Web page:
Litigation round-up March 2022

A round-up of some recent litigation cases that may be of interest.

Service of claim forms

The Good Law Project sent an unsealed copy of the claim form to the email address specified by the Government Legal Department “by way of service” copying in the relevant GLD individuals. When it served the sealed claim form the next day, it sent it only to the individuals and not to the specified address. The court held that this was defective service and refused relief under CPR 6.15. The Court of Appeal rejected GLP’s appeal and confirmed that although CPR 7.6 does not apply to extensions of time for service of a judicial review claim form, its principles should be followed in this context.  GLP say they intend to seek permission to appeal to the Supreme Court (The Good Law Project, R (On the Application Of) v The Secretary of State for Health And Social Care).

Witness statements

Where a party’s witness statement is found to be seriously defective, the court has the following options: to withdraw permission leaving the party to apply for permission to adduce a further witness statement; to withdraw permission for the existing statement but order that it be re-drafted in accordance with PD 57AC; to do surgery to the existing statement by removing non-compliant passages; to require the witness to give evidence orally in chief; or to let the matter go to trial and make an adverse costs order. In this case it was appropriate to order the statement to be re-drafted: it would be most unsatisfactory for a serious breach of PD 57AC to be ignored and the problems left to be dealt with at trial (Greencastle MM LLP v Payne).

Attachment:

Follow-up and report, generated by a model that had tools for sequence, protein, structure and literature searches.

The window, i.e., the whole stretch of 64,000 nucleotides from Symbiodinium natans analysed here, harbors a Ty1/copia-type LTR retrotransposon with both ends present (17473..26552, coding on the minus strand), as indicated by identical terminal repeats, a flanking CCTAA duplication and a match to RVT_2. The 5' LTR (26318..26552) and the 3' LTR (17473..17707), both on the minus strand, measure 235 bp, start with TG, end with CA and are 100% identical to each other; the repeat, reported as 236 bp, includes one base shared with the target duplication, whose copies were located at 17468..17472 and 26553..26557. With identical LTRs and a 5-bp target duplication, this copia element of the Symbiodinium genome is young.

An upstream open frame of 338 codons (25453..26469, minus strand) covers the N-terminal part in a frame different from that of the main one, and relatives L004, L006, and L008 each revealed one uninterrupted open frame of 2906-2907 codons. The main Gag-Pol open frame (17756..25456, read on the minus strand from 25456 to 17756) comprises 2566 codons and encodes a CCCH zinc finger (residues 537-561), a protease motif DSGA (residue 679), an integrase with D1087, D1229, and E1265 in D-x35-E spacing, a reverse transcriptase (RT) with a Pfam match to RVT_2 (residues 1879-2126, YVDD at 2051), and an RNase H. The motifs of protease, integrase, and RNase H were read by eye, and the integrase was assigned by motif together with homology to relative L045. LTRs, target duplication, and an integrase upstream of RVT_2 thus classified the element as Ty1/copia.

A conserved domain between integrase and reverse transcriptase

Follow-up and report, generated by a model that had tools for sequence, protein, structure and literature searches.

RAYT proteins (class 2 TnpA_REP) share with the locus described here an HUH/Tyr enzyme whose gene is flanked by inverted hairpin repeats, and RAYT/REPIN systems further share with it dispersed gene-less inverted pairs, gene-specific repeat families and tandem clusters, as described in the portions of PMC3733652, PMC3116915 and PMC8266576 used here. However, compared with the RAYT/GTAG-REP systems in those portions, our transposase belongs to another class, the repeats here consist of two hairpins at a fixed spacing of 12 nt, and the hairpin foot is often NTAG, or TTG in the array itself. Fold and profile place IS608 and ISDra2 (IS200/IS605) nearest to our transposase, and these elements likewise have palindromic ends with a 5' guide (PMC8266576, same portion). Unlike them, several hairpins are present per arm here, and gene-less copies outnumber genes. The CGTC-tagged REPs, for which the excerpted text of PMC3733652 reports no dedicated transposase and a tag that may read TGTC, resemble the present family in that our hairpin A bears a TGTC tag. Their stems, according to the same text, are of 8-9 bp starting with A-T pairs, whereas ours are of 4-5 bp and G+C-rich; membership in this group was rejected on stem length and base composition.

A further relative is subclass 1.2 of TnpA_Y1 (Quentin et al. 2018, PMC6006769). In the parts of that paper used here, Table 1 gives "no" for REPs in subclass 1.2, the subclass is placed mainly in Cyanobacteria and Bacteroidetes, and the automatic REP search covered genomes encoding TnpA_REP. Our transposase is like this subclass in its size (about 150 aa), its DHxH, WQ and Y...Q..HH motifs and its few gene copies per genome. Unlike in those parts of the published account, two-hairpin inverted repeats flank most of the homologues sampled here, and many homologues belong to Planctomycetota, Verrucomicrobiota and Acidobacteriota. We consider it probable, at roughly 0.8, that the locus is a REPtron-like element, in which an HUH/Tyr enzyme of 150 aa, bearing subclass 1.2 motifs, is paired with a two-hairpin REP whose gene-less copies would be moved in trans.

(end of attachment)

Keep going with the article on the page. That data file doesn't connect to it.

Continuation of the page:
Solicitors’ equitable lien

The Supreme Court held by a majority of 3:2 that a firm of claimant solicitors could claim an equitable lien in respect of flight compensation claims. Lord Burrows held the appropriate test is “whether a solicitor provides services (within the scope of the retainer with its client) which significantly contribute to the successful recovery of a fund by the client.” A test requiring an actual or expected dispute for the lien to apply would create uncertainty. The lien can be claimed where there is collusion to cheat the solicitor out of their fees or where the defendant has been given notice of the solicitor’s interest in the damages  (Bott & Co Solicitors Ltd v Ryanair DAC).

Solicitor’s retainer

The Court of Appeal has adjourned the hearing to July 2022 in view of the ramifications of the issues raised in the Belsner appeal.  These issues include the following: whether a client needs to give informed consent when they enter into a written agreement under CPR 46.9(2) permitting the solicitor to charge an extra payment to the client; if so, what informed consent means in these circumstances; and whether a solicitor has a fiduciary duty to a client when they are negotiating their fee, or only once the retainer is concluded (Cam Legal Services Ltd v Belsner, on appeal from Belsner v Cam Legal Services Ltd).

Force majeure

A “reasonable endeavours” requirement in a force majeure clause, invoked due to the impact of US sanctions on Russian entities in 2018, did not require the party claiming force majeure to accept non-contractual performance.  The non-contractual performance here was payment in Euros instead of US Dollars under an English law contract to pay foreign currency in The Netherlands (MUR Shipping BV v RTI Ltd).

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